The Bookshelf, The Parlor, The Young Texas Reader, and the Monthly

The Texas Bookshelf is different from the The Texas Parlor, . The Texas Parlor carries "general" bookish information and non-book information and even different Texana news and notes of use to the bibliographically challenged and other nosey folks intersted in historical, literary, and cultural observations. Will's Texana Monthly may carry material from either blog, but extends itself beyond those, especially for longer compilations or treatments. The Monthly, the Bookshelf and the Parlor are all companions. So, is the Young Texas Reader which specialized on books and such things for the youngest to the teenagers.

Monday, November 30, 2009

Midian, Marshall, & Me - Davis

Book Cover    Midian, Marshall & Me.  By Jerome Davis.  edited by Dee Davis and Richard J. Davis, cover design Chelsey Tatum.  Trafford, 2008.  Paperback, 130 pages, size: 5 ½ x 8 ½ , ISBN: 9781425136543, $14.49.

If you've wondered where Martin Luther King's words "I have a dream …" came from, they came from Marshall.  Jerome, a little white boy, was best friends with Midian, a little black boy,  there who grew up to assert that you be judged by the "content of your character."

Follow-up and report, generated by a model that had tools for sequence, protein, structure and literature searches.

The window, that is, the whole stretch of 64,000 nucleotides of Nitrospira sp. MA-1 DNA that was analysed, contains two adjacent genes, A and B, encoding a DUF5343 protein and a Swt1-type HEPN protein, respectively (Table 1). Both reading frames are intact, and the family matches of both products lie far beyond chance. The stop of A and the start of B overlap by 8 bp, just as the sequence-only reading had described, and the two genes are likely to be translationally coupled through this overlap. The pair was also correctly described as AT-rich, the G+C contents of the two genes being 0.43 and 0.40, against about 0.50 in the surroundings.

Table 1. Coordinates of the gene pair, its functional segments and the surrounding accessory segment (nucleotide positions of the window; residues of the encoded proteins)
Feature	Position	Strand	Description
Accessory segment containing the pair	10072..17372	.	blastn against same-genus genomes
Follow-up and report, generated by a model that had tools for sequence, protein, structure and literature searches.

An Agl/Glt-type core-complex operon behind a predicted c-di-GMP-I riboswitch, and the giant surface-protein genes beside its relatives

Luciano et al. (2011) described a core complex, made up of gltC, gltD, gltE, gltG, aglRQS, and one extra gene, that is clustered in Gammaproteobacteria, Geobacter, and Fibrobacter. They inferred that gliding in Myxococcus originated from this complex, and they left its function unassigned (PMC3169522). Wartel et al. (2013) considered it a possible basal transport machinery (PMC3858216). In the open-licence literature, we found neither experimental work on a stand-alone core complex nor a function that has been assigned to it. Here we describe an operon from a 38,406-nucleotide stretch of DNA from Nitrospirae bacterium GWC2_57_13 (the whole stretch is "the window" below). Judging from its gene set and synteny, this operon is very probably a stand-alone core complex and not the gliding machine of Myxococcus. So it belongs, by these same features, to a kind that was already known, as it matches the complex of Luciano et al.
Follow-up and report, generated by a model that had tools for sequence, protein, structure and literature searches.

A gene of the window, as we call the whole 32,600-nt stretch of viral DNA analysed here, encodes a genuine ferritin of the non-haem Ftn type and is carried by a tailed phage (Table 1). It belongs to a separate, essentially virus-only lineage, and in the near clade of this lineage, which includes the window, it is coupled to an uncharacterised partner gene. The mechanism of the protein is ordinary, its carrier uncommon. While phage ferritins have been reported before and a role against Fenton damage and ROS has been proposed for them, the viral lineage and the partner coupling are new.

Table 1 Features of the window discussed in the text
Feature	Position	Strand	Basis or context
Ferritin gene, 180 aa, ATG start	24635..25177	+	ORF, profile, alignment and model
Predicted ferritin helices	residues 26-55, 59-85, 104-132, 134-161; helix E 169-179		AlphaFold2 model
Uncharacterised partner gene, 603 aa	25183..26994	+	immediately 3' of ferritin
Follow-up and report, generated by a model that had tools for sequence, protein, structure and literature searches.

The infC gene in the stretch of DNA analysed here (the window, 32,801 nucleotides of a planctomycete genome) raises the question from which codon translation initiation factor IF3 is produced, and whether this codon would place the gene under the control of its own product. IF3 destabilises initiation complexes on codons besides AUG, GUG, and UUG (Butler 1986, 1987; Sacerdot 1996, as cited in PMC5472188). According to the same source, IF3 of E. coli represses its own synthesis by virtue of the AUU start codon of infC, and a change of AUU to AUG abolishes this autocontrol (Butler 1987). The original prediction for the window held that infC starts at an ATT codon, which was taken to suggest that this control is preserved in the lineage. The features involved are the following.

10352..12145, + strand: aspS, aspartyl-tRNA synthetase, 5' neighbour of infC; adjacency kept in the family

Jerome, a retired communications professional of print, radio, and TV, authors his personal memoirs of growing up in Marshall in the 1940's, 1950's, and 1960's.  Midian Johnson lived behind him on the next street.  Such close living was possible because the Davises weren't hardly rich, and as such housed next to African Marshallites.  The boys bonded in the usual Piney Woods minor mischief, church-going, music-sharing, but not Little League, schooling, and the like.  The racial bigotry was real among many in the town, but its clout rarely extended to poor little boys.  Davis' treatment of the period blends the limitations of the time with a bit of gentle avoidance - much as he was treated there.

As it turns out, both boys got good educations there (there's a whole story in that which Davis doesn't touch).  Midian was identified early as a person to know and shape by Senator Lyndon Johnson.  With the 1960 election, young, goodman Midian excelled and went to Washington and found himself advising the vice-president who shortly became the president.  A part of official Marshall in the meantime turned fire department hoses on civil rights advocates on the brick-faced town square.

Midian went on in a successful career and, decades later, recently returned home to Marshall, hoping to retire, but finding himself president of Marshall's Wiley College.

Rarely do these small, modern memoirs carry much of broad value beyond the details of a life, but Davis captures for you things that you would not expect, especially out of Marshall.  Strongly recommended.

Both Davis, now retired in Colleyville, and Johnson are recognized on Marshall's "Wall of Distinction."  For good reasons.


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